Success makes you feel like you have power to control your life. And when you don’t feel that power, you’ll do unreasonable and self-destructive things that give you a sense of it. (Tinder, anyone?)
Powerlessness is why normal people become alcoholics and abusers and addicts. It’s why poor cities have the highest rates of crime and drug use. And it’s why you absolutely need to succeed—in your health, in your relationships, in your career.
There really isn’t another option. You either make progress as a human being, or you fall behind and sabotage yourself.
Before I found success as a writer and coach, I manipulated people in relationships—I stole—I did drugs—I abused people emotionally. I did unspeakable things that destroyed my confidence and made me feel ashamed. But I wasn’t a bad person…
I was just a confused kid looking for power in all the wrong spots.
I was addicted to relationships because they gave me control over my pleasure; it’s just that I never got anything out of them except for heartache and insanity. I even almost lost my mind after the last one…I stopped working, and just wasted away on my mom’s couch.
But when I couldn’t stand living on my mom’s sofa anymore—well, when I couldn’t stand have constant panic attacks because I didn’t know what I was born for—success wasn’t an option for me anymore, either. I had to find real power over my life or check myself into a nuthouse.
You’re more likely to stick with something positive if you’re passionate about it. So, no matter how unrealistic it may seem, pick that one thing and stick to it like your life depends on it. It does.
You need so see and feel progress towards the thing that matters most to you. Otherwise, you’ll wonder what the heck you’re here for, and you’ll do a bunch of stupid stuff to try to compensate for your lack of purpose. (Like, say, get involved in a relationship with someone you barely know!)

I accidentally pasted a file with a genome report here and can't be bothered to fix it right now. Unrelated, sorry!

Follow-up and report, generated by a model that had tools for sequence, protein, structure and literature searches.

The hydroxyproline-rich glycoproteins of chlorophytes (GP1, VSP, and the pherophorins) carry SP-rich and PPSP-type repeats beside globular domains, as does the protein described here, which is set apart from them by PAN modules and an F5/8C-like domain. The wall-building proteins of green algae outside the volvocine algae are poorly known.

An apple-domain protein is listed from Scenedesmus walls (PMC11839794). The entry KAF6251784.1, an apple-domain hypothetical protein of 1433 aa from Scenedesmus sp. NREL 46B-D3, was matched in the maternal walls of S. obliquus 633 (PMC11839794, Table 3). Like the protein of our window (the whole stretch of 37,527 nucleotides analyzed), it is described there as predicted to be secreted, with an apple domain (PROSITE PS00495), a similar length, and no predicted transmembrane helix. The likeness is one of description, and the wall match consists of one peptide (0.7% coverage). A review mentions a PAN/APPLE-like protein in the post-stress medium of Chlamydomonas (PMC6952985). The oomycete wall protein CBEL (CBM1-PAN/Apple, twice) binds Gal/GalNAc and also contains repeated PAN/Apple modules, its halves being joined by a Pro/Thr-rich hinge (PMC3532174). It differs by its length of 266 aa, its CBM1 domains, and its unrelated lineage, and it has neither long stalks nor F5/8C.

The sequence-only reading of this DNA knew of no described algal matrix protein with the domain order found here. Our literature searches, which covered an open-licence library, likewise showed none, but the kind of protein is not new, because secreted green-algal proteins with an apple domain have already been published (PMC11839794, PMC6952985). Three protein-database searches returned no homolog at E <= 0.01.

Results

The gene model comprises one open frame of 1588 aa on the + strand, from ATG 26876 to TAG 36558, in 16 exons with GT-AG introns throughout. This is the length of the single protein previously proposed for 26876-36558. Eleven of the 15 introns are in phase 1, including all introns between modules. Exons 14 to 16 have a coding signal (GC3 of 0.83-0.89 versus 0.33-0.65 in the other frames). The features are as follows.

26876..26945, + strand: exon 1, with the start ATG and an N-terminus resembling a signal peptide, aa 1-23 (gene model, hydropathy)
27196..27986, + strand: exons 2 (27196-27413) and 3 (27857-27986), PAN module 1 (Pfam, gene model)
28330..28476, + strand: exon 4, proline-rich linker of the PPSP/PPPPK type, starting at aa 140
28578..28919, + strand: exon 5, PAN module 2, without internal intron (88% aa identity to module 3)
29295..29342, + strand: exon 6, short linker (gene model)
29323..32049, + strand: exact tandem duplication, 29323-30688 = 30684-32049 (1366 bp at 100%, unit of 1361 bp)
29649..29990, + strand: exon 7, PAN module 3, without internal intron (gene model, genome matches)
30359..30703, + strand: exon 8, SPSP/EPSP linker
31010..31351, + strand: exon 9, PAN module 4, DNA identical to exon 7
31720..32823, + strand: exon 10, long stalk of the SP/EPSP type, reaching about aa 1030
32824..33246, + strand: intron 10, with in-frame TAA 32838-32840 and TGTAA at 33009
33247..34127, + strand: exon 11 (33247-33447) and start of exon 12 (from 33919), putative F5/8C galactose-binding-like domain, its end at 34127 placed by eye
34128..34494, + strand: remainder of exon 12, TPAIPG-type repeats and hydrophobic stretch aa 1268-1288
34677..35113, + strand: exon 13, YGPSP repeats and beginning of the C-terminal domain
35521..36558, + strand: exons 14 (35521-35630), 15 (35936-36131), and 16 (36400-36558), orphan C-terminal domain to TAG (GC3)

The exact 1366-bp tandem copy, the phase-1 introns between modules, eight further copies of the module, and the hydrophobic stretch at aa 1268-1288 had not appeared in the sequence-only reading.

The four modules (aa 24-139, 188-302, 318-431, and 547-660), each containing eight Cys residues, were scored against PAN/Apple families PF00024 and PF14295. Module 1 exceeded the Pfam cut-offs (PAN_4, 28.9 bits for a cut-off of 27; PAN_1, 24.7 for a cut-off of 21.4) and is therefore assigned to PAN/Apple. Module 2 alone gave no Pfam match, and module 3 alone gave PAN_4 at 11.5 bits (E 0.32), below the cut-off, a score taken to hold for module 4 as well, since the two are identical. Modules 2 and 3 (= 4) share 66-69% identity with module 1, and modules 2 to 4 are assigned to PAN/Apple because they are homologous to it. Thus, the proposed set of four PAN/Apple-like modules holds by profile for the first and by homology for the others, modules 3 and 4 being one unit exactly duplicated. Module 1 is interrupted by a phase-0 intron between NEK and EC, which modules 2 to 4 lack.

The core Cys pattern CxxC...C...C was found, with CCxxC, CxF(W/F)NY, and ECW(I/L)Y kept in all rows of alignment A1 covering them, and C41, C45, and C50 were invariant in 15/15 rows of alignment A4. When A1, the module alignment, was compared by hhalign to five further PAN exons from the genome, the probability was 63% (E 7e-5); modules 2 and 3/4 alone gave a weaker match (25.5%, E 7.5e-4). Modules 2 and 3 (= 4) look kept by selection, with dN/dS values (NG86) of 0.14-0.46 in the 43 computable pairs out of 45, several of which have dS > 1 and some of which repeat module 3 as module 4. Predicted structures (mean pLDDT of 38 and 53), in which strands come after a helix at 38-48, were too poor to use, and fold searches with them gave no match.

I chose writing because I couldn’t imagine going to my deathbed without giving it a go. But you may want to be a lawyer. Or an architect. Or a graphic designer. Or a teacher. Or a carpenter. Or a caregiver. Everyone has a dream that perfectly compliments their God-given talents, and everyone has a chance. But you have to pick that one thing and stick with it. (Tip #3 comes in handy with this!)
Knowledge is power. So the more you learn, and especially the more you learn about your one thing, the better you’ll be able to control your life and generate a sense of power.
Go to the library tomorrow and borrow five books on the topics you’re most passionate about, on self-improvement, and also things that just randomly spark your interest. (One time I rented a weird book about nose breathing and ended up making about $5,000 in articles I sold after it!)
Make it a goal to read for at least one hour a day—preferably two!
Speaking of goals….
The only thing separating you from success is a series of completed goals. And to achieve such a streak, you have to make goal setting a habit.
I started goal setting with simple things: like making my bed, brushing my teeth, exercising, reading, and writing. Once I mastered the simple things and grew my confidence, I took on bigger challenges. I started asking more of myself, and demanding more effort.
After one month of making and completing a daily list of goals, goal-setting will have become your most valuable habit. Start it today. Include anything that will boost your confidence and advance your knowledge, confidence, skill, and health.
I shoot for 10-20 goals a day, and make sure to always complete my top 5.
But in order to accomplish your goals, you have to defenestrate the low-value habits that suck up your time.
Many people give success a shot, but they’re sabotaged by a litany of bad habits that steal their time. If you want to succeed, if you want to grow your power, you’ve gotta let go of the things that steal your time and energy.
I cut out TV, videogames, surfing the internet, pornography, dead-end relationships, and feeling sorry for myself. All this new free time enabled me to learn as much about writing as I could, and to practice, and to pitch my work to paying clients.
I practically made a career by eliminating my distractions. You can too—just make a list of your top 5 distractions (social media, tv, etc.) and cut them out for a month*.
*You can bring them back in small doses once you’ve quit the habit of perpetual distraction.
There are things that make you feel low—toxic relationships, porn, wasting your day—and there are things that build your power. Do less of the former and more of the latter.
Journaling helped me identify the negative habits and thoughts that held me back. Affirmations flooded my brain with positivity and confidence to tackle my goals. Daily exercise routines gave me energy and clarity to focus on my work and education.
Whatever those things are for you, start them today. Journaling, meditation, and exercising are three fail-safe rituals that will automatically give you more power and control over your life. I can’t recommend them enough, and I fully attribute my $1-dollar-and-up per word writing career to them!
Originally published at millennialsuccess.io